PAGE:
If a president says anything critical about what Christians may have done at any point in history, he's destined to be attacked for engaging in “moral equivalence."
Paul Ryan’s "envy economics" label invites a description of his own approach, which would slash taxes on the rich and cut programs for the poor and middle class.
It only took thirty-five years, but the Vatican’s Congregation for Saints finally recognized what almost every rational Catholic in the world had already known.
The U.S. and its European allies have been the aggressors in this whole unnecessary confrontation. They are the ones who can call it off. There is zero gain in it.
Pope Francis has taken steps to bolster synodality and wean the universal Church from its unhealthy obsession with Vatican centralization. How has he done it?
Isn’t loyalty itself a questionable virtue that can lead people to overlook many ethical issues and to ignore more important moral callings?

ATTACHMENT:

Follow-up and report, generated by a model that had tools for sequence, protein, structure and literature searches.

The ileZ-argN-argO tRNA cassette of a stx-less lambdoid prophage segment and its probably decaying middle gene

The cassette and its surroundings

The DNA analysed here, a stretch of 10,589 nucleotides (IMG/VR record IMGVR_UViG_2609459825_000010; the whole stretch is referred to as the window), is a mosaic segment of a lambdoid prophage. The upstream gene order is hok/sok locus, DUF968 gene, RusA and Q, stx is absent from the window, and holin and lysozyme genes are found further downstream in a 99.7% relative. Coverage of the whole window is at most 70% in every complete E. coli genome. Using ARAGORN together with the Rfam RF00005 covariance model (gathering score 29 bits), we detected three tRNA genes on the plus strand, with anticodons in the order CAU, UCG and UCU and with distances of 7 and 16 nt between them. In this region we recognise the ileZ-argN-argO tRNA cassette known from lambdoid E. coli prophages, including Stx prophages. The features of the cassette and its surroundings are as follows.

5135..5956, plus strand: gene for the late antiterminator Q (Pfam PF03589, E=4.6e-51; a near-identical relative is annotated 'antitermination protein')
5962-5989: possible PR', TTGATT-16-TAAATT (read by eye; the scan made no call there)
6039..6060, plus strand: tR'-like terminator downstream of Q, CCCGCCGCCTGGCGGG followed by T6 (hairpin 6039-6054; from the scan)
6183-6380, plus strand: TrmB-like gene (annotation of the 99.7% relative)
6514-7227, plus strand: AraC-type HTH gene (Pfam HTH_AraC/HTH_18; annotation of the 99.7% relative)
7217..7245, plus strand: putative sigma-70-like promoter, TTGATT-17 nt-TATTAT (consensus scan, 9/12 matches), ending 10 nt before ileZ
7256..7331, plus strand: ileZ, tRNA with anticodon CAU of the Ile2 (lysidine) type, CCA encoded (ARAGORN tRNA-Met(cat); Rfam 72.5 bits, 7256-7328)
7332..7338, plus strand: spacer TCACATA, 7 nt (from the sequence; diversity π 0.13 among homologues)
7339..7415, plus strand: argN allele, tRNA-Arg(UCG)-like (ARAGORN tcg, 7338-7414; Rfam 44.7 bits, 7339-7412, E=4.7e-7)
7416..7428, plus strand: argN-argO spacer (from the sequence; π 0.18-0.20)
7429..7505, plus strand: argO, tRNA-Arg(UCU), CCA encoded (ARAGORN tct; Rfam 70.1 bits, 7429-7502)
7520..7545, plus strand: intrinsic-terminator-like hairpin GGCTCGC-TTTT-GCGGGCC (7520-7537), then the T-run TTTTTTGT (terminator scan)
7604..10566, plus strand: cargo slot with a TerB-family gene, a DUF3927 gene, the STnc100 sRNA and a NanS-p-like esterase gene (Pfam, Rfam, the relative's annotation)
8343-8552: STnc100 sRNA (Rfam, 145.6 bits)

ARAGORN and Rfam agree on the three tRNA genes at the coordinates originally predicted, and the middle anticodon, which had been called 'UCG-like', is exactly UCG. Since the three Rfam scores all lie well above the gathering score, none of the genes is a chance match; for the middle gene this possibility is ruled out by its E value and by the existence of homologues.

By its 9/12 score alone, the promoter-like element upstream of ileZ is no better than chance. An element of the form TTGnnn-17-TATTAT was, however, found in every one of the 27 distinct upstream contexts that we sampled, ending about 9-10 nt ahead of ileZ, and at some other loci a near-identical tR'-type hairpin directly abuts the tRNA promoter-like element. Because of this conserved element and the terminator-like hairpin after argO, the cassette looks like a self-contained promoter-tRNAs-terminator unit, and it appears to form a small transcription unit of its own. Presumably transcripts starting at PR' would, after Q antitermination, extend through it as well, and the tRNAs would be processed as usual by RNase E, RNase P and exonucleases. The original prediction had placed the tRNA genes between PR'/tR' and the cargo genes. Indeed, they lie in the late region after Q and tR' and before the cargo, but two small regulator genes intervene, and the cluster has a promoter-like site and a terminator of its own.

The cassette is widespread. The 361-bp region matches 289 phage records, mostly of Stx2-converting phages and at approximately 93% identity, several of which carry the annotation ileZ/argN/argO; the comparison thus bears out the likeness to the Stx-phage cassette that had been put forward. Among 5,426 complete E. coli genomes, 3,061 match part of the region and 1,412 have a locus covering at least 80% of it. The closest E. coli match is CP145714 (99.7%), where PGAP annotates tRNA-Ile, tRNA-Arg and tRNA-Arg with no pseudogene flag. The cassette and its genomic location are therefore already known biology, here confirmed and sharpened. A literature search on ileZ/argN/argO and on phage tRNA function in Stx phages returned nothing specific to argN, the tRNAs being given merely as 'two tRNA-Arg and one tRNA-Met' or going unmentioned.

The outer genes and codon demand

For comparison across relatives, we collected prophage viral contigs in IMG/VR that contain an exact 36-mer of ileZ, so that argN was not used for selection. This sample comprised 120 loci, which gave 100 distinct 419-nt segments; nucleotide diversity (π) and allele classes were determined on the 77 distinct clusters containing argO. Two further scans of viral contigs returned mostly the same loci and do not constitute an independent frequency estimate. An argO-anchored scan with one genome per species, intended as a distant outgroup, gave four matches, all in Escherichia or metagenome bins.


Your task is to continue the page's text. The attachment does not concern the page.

"Austerity" has been the common language of the modern international economy, but is under attack now by the new interpretation of wealth accumulation and finance.
I used to think something tragic had happened to bring a person back to confession after so long, perhaps a loss or grim diagnosis. That's almost never the case.
President Obama makes it clear that he thinks it’s more important to win a long-term argument with his ideological opponents than to pretend they'll work with him.
The GOP and friends of hard work and self-sufficiency should join Obama in seeking to expand access to community colleges as much as possible.
There will never be another politician like Mario Cuomo, a man shaped by a different age. Yet he taught lessons that will always be fresh.